to hand over or deliver formally or officially; commit (often followed by to).
to transfer to another's custody or charge; entrust.
to set apart for or devote to (a special purpose or use): to consign two afternoons a week to the club.
to banish or set apart in one's mind; relegate: to consign unpleasant thoughts to oblivion.
to ship, as by common carrier, especially for sale or custody.
to address for such shipment.
Obsolete. to confirm or ratify, as with a seal or other token.
to agree or assent.
Obsolete. to yield or submit.
- con·sign·a·ble, adjective
- con·sig·na·tion [kon-sig-ney-shuhn], /ˌkɒn sɪgˈneɪ ʃən/, noun
- pre·con·sign, verb (used with object)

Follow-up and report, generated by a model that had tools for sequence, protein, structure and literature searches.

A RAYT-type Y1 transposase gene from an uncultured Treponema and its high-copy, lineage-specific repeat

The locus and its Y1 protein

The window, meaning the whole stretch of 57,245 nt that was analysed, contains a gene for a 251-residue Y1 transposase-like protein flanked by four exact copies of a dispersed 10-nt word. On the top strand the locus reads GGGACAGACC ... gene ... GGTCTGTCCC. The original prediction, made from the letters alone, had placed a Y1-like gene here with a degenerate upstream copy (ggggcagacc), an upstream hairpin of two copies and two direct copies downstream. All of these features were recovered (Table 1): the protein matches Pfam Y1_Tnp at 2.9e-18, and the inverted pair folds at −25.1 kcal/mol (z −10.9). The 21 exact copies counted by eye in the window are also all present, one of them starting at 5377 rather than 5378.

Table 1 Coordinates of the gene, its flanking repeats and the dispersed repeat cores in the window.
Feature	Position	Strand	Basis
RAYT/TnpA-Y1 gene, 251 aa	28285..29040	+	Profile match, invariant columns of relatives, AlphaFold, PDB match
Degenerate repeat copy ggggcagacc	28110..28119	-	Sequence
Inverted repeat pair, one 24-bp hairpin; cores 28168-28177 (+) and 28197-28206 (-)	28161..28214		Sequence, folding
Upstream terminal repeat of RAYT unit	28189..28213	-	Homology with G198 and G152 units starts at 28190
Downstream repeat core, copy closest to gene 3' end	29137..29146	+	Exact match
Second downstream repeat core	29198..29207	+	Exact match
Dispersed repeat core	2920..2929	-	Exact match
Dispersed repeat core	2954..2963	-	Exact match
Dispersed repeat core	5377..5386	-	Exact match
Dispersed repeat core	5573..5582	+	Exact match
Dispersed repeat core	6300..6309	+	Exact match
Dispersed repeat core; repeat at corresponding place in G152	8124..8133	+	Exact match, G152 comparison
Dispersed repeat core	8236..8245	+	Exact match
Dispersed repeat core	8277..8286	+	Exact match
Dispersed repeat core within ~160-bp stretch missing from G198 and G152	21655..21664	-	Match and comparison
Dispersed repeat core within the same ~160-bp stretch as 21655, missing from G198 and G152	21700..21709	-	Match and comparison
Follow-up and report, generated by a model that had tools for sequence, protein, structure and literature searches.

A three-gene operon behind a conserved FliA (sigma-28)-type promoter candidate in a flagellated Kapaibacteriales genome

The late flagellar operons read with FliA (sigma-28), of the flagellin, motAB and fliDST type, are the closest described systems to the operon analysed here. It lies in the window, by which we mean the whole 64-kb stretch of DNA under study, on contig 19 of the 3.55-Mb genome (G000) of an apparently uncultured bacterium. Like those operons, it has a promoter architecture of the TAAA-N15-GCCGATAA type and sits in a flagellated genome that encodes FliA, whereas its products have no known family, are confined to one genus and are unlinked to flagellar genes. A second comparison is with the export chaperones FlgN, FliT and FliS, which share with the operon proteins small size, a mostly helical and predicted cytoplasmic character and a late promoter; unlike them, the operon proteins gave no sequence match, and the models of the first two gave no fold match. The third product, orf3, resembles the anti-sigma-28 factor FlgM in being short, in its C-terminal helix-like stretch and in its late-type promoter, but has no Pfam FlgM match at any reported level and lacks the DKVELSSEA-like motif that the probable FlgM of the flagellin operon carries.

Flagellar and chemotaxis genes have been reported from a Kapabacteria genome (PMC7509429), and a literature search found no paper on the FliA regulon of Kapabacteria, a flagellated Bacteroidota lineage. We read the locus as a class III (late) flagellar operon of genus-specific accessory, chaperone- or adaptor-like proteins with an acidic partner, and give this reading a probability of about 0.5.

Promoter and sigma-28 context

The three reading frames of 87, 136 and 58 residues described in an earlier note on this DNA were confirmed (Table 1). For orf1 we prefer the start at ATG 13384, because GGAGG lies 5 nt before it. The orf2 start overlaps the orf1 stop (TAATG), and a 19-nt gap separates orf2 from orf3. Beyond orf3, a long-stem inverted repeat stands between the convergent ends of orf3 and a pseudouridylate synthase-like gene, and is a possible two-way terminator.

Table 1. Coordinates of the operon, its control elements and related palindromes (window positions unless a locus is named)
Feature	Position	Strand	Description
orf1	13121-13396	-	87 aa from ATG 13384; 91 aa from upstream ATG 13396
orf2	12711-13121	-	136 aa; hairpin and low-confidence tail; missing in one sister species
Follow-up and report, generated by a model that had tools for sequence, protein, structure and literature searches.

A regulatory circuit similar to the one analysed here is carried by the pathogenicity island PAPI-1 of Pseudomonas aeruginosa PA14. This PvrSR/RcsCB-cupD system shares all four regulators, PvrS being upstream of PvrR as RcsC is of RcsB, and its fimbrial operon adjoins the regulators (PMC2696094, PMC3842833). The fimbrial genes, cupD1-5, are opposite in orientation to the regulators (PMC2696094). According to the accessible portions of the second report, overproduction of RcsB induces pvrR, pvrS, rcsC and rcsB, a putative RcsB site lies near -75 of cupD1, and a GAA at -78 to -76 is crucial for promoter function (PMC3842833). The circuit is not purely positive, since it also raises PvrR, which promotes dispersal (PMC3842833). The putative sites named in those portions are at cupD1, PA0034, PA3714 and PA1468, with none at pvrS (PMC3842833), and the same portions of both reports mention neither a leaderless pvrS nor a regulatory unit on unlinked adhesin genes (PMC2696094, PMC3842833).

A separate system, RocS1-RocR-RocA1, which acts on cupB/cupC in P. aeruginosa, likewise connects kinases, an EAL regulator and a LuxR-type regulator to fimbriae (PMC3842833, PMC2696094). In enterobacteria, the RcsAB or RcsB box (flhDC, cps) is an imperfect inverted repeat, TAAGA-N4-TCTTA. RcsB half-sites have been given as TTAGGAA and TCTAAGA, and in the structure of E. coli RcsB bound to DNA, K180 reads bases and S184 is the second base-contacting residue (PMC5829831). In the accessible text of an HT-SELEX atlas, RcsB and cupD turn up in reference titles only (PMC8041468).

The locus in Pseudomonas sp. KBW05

- re·con·sign, verb (used with object)
- un·con·sign·a·ble, adjective
- un·con·signed, adjective
Dictionary.com Unabridged Based on the Random House Unabridged Dictionary, © Random House, Inc. 2023
How to use consign in a sentence
Many claimed that it was a better “live service” game than the hundred-million-dollar “Avengers” game that’s already all but consigned to memory.‘Ghost of Tsushima’ sees the best kind of PlayStation 5 upgrade: transformative and free | Gene Park | November 12, 2020 | Washington Post
British Dictionary definitions for consign
to hand over or give into the care or charge of another; entrust
to commit irrevocably: he consigned the papers to the flames
to commit for admittance: to consign someone to jail
to address or deliver (goods) for sale, disposal, etc: it was consigned to his London address
(intr) obsolete to assent; agree
- consignable, adjective
- consignation, noun
Collins English Dictionary - Complete & Unabridged 2012 Digital Edition © William Collins Sons & Co. Ltd. 1979, 1986 © HarperCollins Publishers 1998, 2000, 2003, 2005, 2006, 2007, 2009, 2012